Expansion of cropland in tropical countries is one of the principal causes of biodiversity loss, and threatens to undermine progress towards meeting the Aichi Biodiversity Targets. To understand this threat better, we analysed data on crop distribution and expansion in 128 tropical countries, assessed changes in area of the main crops and mapped overlaps between conservation priorities and cultivation potential. Rice was the single crop grown over the largest area, especially in tropical forest biomes. Cropland in tropical countries expanded by c. 48,000 km(2) per year from 1999-2008. The countries which added the greatest area of new cropland were Nigeria, Indonesia, Ethiopia, Sudan and Brazil. Soybeans and maize are the crops which expanded most in absolute area. Other crops with large increases included rice, sorghum, oil palm, beans, sugar cane, cow peas, wheat and cassava. Areas of high cultivation potential-while bearing in mind that political and socio-economic conditions can be as influential as biophysical ones-may be vulnerable to conversion in the future. These include some priority areas for biodiversity conservation in tropical countries (e.g., Frontier Forests and High Biodiversity Wilderness Areas), which have previously been identified as having ‘low vulnerability’, in particular in central Africa and northern Australia. There are also many other smaller areas which are important for biodiversity and which have high cultivation potential (e.g., in the fringes of the Amazon basin, in the Paraguayan Chaco, and in the savanna woodlands of the Sahel and East Africa). We highlight the urgent need for more effective sustainability standards and policies addressing both production and consumption of tropical commodities, including robust land-use planning in agricultural frontiers, establishment of new protected areas or REDD+ projects in places agriculture has not yet reached, and reduction or elimination of incentives for land-demanding bioenergy feedstocks.
In Nigeria, 30% of child deaths are due to malaria. The National Malaria Control Program of Nigeria (NMCP) during 2009 initiated a program to improve the quality of paediatric malaria services delivered in health facilities (HF). This study reports a rapid approach used to assess the existing quality of services in Jigawa state at decentralised levels of the health system.
In its largest outbreak, Ebola virus disease is spreading through Guinea, Liberia, Sierra Leone, and Nigeria. We sequenced 99 Ebola virus genomes from 78 patients in Sierra Leone to ~2000× coverage. We observed a rapid accumulation of interhost and intrahost genetic variation, allowing us to characterize patterns of viral transmission over the initial weeks of the epidemic. This West African variant likely diverged from central African lineages around 2004, crossed from Guinea to Sierra Leone in May 2014, and has exhibited sustained human-to-human transmission subsequently, with no evidence of additional zoonotic sources. Because many of the mutations alter protein sequences and other biologically meaningful targets, they should be monitored for impact on diagnostics, vaccines, and therapies critical to outbreak response.
Response to the 2014-2015 Ebola outbreak in West Africa overwhelmed the healthcare systems of Guinea, Liberia, and Sierra Leone, reducing access to health services for diagnosis and treatment for the major diseases that are endemic to the region: malaria, HIV/AIDS, and tuberculosis. To estimate the repercussions of the Ebola outbreak on the populations at risk for these diseases, we developed computational models for disease transmission and infection progression. We estimated that a 50% reduction in access to healthcare services during the Ebola outbreak exacerbated malaria, HIV/AIDS, and tuberculosis mortality rates by additional death counts of 6,269 (2,564-12,407) in Guinea; 1,535 (522-2,8780) in Liberia; and 2,819 (844-4,844) in Sierra Leone. The 2014-2015 Ebola outbreak was catastrophic in these countries, and its indirect impact of increasing the mortality rates of other diseases was also substantial.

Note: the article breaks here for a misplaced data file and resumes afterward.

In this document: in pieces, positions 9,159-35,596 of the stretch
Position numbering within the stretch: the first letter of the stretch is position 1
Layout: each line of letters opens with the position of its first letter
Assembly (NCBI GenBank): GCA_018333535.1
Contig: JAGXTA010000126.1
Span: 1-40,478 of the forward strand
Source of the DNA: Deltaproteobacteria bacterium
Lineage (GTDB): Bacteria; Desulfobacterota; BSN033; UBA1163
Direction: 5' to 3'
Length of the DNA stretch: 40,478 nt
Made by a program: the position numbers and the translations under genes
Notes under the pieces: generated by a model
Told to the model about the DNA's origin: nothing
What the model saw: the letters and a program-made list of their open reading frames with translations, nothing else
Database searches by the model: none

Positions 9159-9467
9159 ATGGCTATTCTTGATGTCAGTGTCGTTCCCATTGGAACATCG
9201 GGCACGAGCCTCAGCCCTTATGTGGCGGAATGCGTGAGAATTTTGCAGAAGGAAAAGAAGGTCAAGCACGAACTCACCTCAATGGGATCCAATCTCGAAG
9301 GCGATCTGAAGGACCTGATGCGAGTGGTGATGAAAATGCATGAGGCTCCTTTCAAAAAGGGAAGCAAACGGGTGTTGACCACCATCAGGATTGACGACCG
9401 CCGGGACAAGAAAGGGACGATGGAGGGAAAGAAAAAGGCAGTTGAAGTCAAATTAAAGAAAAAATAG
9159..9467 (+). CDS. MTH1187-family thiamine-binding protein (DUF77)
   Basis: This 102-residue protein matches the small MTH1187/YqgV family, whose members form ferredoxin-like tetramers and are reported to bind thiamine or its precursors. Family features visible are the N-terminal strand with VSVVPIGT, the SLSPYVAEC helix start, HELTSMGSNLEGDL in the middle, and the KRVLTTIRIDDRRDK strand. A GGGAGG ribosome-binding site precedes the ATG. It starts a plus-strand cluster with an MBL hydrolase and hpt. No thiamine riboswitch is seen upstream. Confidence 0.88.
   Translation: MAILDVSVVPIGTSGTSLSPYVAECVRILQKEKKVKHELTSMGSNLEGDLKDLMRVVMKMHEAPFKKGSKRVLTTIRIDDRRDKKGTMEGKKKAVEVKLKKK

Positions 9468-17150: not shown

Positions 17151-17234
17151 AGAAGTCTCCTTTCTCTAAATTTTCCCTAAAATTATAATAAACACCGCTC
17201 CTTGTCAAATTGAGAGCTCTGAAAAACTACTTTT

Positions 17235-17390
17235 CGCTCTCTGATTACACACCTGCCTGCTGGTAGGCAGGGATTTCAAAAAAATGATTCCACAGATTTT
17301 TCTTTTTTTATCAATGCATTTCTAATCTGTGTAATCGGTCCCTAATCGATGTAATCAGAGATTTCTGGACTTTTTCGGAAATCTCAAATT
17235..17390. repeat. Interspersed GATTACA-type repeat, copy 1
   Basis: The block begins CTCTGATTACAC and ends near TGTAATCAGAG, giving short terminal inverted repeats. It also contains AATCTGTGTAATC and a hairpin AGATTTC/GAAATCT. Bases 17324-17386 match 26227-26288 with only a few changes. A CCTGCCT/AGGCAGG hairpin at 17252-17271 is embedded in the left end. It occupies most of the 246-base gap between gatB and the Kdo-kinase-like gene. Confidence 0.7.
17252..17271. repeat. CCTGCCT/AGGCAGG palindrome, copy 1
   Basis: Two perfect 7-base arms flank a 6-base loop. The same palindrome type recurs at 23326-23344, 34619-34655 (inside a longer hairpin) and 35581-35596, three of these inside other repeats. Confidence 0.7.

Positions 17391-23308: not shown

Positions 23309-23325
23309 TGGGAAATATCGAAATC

Background On March 23, 2014, the World Health Organization (WHO) was notified of an outbreak of Ebola virus disease (EVD) in Guinea. On August 8, the WHO declared the epidemic to be a “public health emergency of international concern.” Methods By September 14, 2014, a total of 4507 probable and confirmed cases, including 2296 deaths from EVD (Zaire species) had been reported from five countries in West Africa - Guinea, Liberia, Nigeria, Senegal, and Sierra Leone. We analyzed a detailed subset of data on 3343 confirmed and 667 probable Ebola cases collected in Guinea, Liberia, Nigeria, and Sierra Leone as of September 14. Results The majority of patients are 15 to 44 years of age (49.9% male), and we estimate that the case fatality rate is 70.8% (95% confidence interval [CI], 69 to 73) among persons with known clinical outcome of infection. The course of infection, including signs and symptoms, incubation period (11.4 days), and serial interval (15.3 days), is similar to that reported in previous outbreaks of EVD. On the basis of the initial periods of exponential growth, the estimated basic reproduction numbers (R0 ) are 1.71 (95% CI, 1.44 to 2.01) for Guinea, 1.83 (95% CI, 1.72 to 1.94) for Liberia, and 2.02 (95% CI, 1.79 to 2.26) for Sierra Leone. The estimated current reproduction numbers ® are 1.81 (95% CI, 1.60 to 2.03) for Guinea, 1.51 (95% CI, 1.41 to 1.60) for Liberia, and 1.38 (95% CI, 1.27 to 1.51) for Sierra Leone; the corresponding doubling times are 15.7 days (95% CI, 12.9 to 20.3) for Guinea, 23.6 days (95% CI, 20.2 to 28.2) for Liberia, and 30.2 days (95% CI, 23.6 to 42.3) for Sierra Leone. Assuming no change in the control measures for this epidemic, by November 2, 2014, the cumulative reported numbers of confirmed and probable cases are predicted to be 5740 in Guinea, 9890 in Liberia, and 5000 in Sierra Leone, exceeding 20,000 in total. Conclusions These data indicate that without drastic improvements in control measures, the numbers of cases of and deaths from EVD are expected to continue increasing from hundreds to thousands per week in the coming months.